After last week's stunning artwork, we thought you might enjoy a glimpse of the content of one of our AVG books. As well as fantastic photographs, profiles and amazing cut-aways on double page fold-outs, Air Vanguard offers highly technical information on these iconic aircraft.
Sopwith Camel arrives in October, and here is a short extract entitled 'Trench Fighter'.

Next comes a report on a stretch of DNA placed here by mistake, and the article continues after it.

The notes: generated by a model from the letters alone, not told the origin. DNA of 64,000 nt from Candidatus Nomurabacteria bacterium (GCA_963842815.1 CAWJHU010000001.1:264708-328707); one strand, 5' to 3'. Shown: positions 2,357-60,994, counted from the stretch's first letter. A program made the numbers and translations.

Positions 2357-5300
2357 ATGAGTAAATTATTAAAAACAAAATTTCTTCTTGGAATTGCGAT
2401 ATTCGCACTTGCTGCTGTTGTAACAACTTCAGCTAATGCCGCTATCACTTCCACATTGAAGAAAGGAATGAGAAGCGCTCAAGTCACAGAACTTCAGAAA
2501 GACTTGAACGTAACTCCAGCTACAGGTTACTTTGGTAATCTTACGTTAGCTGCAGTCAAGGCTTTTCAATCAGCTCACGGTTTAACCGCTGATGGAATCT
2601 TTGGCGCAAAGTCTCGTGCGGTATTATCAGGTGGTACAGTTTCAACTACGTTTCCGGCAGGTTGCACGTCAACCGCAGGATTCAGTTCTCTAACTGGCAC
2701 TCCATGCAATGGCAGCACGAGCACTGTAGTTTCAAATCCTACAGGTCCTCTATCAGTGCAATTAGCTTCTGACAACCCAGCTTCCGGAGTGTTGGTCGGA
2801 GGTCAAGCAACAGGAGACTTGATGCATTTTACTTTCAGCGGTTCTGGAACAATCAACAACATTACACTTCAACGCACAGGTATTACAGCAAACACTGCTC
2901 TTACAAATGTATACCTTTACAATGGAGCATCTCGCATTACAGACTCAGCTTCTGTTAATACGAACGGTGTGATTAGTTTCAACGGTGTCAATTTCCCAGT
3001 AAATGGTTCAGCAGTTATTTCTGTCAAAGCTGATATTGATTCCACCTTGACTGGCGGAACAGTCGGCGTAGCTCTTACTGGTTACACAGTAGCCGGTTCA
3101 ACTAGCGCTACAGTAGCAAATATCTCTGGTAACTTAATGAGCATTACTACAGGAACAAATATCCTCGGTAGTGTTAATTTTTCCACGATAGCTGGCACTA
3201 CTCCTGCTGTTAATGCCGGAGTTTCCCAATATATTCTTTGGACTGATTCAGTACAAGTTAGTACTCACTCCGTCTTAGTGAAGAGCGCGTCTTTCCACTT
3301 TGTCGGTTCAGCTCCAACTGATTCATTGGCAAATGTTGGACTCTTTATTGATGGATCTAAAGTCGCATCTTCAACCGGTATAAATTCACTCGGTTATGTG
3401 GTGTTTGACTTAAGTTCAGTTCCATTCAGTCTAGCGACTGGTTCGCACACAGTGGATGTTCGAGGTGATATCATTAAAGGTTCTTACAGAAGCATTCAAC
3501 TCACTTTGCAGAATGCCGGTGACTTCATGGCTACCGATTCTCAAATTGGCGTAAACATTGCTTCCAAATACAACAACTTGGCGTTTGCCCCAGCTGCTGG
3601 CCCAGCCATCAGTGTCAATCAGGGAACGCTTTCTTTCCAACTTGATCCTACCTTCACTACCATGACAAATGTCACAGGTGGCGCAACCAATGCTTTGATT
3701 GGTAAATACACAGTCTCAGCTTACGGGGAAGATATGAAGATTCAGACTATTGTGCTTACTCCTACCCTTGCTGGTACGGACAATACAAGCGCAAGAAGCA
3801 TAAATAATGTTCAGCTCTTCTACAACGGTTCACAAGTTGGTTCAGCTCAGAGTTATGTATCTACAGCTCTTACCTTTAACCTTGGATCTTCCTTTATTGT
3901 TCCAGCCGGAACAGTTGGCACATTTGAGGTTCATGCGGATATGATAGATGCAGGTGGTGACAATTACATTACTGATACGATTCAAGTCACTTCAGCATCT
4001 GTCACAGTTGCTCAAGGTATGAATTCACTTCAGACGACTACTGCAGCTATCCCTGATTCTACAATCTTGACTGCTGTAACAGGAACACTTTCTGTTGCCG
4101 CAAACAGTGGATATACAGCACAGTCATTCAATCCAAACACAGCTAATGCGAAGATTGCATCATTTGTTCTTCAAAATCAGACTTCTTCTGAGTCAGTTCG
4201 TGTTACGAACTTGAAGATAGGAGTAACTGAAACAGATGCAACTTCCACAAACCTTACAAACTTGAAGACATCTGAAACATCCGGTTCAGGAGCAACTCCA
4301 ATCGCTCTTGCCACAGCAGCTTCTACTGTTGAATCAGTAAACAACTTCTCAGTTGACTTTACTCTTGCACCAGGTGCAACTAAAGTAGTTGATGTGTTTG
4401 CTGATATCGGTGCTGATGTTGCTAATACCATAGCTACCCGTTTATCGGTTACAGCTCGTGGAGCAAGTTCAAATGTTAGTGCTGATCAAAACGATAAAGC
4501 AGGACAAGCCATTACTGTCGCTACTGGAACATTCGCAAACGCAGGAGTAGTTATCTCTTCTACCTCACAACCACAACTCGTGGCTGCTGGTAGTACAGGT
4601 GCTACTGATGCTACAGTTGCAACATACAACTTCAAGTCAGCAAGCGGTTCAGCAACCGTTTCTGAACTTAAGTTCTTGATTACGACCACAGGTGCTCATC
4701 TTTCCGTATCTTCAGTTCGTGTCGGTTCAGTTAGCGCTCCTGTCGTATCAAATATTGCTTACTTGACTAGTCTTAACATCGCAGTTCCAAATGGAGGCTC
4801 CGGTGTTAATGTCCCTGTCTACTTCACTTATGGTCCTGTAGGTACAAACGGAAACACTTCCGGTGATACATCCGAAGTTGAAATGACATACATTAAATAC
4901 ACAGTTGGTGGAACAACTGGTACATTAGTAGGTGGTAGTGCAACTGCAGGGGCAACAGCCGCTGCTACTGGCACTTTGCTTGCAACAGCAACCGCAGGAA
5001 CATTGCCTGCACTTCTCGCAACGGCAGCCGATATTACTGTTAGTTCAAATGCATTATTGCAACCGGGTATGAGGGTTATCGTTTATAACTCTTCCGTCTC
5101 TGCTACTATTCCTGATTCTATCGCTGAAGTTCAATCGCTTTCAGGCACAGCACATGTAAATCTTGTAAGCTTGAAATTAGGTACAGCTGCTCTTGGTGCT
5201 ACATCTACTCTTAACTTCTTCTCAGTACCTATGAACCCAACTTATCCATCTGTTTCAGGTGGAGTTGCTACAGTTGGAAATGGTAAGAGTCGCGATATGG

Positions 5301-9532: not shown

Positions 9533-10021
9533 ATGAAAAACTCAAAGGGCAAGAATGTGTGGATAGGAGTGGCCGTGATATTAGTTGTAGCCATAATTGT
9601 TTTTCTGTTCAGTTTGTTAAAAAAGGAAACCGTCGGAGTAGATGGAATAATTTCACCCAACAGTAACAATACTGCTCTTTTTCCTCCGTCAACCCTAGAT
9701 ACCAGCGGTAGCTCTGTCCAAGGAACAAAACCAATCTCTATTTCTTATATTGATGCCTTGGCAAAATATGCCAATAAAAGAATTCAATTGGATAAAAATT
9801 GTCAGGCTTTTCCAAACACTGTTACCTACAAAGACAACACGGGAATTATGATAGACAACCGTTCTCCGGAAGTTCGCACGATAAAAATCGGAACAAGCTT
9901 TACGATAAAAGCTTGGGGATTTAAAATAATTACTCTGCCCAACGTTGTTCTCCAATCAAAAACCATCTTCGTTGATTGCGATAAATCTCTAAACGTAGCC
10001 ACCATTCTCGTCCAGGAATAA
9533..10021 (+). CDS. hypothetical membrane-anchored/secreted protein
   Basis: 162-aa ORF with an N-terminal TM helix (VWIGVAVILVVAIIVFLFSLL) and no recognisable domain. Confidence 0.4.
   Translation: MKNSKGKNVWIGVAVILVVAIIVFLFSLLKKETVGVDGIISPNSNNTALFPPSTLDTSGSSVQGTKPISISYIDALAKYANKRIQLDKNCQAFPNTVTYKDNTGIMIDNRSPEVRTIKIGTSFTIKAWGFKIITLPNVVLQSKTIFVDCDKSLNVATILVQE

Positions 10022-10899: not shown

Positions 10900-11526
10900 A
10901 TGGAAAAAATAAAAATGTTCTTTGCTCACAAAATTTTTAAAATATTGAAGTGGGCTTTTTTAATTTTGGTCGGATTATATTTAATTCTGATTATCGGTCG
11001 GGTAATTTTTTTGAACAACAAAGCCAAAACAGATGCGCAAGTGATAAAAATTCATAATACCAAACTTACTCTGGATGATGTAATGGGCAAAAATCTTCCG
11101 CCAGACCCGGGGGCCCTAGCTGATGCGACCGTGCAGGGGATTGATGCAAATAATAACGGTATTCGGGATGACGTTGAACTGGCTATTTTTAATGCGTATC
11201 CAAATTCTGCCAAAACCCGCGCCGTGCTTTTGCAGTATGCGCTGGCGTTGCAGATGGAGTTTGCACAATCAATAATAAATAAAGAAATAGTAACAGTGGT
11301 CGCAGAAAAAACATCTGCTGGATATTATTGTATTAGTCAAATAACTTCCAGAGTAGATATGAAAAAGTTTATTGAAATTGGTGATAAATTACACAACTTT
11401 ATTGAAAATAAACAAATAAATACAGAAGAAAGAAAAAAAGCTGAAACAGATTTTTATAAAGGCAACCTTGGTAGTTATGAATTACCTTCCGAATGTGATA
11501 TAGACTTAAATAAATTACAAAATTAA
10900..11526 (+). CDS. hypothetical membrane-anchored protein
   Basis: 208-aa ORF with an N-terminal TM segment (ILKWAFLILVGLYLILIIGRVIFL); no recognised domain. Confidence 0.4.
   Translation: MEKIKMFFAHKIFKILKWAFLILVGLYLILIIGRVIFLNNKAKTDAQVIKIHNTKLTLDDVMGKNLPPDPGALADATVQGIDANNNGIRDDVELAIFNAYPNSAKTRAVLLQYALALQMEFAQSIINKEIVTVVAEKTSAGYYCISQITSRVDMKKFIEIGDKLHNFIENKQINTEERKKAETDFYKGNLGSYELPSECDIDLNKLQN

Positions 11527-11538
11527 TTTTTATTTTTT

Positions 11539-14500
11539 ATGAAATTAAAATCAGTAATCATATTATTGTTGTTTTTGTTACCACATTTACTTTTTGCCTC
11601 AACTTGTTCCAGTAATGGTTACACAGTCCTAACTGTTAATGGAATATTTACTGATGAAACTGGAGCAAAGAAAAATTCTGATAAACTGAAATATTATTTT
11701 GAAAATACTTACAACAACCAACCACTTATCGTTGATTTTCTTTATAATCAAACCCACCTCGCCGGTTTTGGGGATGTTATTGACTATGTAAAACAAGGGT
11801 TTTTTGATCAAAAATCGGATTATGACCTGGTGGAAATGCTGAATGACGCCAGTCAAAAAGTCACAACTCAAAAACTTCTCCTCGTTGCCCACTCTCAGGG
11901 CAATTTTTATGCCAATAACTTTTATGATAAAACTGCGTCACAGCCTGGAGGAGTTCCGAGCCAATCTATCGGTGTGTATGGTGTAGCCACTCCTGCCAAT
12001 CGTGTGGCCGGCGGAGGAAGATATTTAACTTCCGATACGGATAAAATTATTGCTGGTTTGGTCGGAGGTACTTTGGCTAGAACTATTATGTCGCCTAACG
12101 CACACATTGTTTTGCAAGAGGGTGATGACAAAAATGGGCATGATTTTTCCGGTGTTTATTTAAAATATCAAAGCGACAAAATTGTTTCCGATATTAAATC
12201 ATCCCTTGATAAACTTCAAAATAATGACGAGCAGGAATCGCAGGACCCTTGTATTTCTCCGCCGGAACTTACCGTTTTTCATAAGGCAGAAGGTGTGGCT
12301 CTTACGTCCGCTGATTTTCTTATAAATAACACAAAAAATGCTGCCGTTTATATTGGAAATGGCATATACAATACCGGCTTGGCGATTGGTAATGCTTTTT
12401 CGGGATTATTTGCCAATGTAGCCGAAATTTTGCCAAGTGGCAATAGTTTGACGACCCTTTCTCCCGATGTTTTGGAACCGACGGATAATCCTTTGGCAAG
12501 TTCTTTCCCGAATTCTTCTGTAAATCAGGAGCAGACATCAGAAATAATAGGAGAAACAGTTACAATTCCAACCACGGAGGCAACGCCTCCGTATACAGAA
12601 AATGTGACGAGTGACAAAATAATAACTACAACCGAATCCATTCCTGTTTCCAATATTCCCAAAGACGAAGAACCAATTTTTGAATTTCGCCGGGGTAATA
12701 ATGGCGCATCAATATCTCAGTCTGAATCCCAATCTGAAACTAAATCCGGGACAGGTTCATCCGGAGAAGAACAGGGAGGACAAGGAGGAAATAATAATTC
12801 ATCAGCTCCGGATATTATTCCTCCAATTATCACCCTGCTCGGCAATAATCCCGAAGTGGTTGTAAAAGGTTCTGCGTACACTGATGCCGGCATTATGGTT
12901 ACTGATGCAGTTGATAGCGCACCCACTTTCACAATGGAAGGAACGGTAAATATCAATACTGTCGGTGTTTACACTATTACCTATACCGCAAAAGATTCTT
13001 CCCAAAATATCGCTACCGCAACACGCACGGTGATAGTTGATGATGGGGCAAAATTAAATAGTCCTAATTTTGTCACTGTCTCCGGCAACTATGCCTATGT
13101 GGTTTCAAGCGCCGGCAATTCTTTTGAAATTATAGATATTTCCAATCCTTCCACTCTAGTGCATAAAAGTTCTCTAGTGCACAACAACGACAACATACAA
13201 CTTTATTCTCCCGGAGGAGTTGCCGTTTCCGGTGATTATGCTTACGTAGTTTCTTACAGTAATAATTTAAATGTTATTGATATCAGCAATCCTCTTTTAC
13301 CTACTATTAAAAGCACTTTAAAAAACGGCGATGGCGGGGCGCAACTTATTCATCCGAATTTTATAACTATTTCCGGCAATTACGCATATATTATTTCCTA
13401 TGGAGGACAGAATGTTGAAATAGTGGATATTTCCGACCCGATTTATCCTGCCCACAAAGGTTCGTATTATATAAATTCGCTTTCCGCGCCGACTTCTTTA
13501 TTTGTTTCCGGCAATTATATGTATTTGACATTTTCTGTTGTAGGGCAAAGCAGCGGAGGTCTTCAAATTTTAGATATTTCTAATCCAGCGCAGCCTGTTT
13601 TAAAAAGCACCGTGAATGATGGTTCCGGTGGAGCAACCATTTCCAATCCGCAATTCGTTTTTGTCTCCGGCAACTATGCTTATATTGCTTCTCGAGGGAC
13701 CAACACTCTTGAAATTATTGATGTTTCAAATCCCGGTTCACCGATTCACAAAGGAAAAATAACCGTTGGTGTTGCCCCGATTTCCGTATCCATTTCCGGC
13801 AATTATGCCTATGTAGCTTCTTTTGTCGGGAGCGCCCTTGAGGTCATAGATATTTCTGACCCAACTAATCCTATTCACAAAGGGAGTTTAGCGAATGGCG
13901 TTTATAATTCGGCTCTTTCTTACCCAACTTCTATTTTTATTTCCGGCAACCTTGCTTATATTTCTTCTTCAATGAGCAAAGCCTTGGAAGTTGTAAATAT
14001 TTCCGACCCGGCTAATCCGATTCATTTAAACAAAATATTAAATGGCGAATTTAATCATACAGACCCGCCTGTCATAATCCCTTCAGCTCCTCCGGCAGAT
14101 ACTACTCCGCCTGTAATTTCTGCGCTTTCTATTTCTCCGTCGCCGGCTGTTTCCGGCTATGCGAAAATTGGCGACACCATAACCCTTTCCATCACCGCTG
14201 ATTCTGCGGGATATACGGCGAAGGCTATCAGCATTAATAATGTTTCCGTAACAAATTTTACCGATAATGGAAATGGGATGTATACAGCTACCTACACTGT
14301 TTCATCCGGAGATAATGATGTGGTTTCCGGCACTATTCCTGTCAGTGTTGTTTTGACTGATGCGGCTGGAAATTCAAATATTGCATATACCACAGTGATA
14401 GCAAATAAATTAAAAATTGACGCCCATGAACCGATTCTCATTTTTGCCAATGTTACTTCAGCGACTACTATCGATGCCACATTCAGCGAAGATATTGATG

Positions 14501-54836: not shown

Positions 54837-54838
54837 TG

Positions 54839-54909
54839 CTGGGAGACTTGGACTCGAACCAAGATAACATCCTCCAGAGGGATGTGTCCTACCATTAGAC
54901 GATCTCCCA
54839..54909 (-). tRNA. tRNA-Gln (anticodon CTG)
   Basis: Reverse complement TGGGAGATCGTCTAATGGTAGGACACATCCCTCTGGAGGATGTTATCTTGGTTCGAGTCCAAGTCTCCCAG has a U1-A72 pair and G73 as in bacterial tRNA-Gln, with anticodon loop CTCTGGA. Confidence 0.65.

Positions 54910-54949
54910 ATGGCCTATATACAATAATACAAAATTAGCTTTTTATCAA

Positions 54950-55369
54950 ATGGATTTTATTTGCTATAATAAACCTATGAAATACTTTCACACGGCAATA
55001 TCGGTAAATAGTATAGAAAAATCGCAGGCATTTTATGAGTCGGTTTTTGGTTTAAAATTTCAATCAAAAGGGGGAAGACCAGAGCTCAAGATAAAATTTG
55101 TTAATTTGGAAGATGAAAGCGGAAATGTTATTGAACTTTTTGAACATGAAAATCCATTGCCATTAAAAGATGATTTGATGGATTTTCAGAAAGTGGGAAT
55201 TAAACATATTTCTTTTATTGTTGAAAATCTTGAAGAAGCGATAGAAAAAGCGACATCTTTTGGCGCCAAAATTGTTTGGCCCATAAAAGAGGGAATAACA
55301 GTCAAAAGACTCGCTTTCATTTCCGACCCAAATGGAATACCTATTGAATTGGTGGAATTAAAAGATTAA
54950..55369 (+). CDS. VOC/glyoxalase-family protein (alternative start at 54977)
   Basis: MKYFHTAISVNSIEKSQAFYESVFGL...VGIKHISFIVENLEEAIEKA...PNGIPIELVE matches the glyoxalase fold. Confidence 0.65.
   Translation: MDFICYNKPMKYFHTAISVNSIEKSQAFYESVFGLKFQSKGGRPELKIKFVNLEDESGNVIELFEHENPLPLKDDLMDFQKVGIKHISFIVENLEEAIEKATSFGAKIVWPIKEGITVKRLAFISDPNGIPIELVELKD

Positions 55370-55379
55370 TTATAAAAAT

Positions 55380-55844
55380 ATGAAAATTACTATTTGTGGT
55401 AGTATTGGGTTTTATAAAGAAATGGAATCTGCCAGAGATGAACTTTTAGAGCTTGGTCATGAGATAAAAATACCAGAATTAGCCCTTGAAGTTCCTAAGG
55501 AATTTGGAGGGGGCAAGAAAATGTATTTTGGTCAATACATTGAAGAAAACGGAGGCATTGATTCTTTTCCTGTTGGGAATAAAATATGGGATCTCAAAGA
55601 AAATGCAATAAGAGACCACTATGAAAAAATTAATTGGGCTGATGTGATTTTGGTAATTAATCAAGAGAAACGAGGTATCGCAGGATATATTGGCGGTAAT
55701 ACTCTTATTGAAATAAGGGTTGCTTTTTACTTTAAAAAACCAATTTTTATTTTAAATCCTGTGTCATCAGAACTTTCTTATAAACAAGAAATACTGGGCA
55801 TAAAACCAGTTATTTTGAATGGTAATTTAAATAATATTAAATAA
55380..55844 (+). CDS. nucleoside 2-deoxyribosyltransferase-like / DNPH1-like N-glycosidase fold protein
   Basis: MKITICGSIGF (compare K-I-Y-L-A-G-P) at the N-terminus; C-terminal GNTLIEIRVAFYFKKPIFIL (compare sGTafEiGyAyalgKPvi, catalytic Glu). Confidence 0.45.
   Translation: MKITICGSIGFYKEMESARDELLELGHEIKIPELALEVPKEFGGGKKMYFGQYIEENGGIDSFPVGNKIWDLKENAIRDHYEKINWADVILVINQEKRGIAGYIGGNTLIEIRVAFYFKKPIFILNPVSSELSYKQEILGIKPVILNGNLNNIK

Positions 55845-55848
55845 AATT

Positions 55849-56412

'Arguably the ‘dirtiest job’ for Camel pilots since the autumn of 1917 was low-level ground attack, and in February 1918 Sopwith unveiled a ‘trench fighter’ designated the TF 1. Converted from Camel F1 B9278 and powered by a 110-hp Le Rhône engine, the TF 1 replaced its forward firing Vickers with two stripped Lewis guns fixed at an angle to fire forward and down through the cockpit floor, which was armoured from the engine compartment to the rear of the cockpit. A third Lewis was mounted above the upper wing centre section similarly to the naval 2F1. After first flying at Brooklands on 15 February, the TF 1 was shipped to France on 7 March, but returned to Brooklands a week later and was promptly dismantled. Not only was the armoured aeroplane’s general performance inferior to the standard Camel’s – not surprisingly – but the downward-angled guns had already been proven less effective than the original forward-firing twin Vickers. In any case, Sopwith was working on a more specialised, higher-powered, armoured trench strafer, the Sopwith Salamander, whose prototype would arrive in France for service evaluation in May.'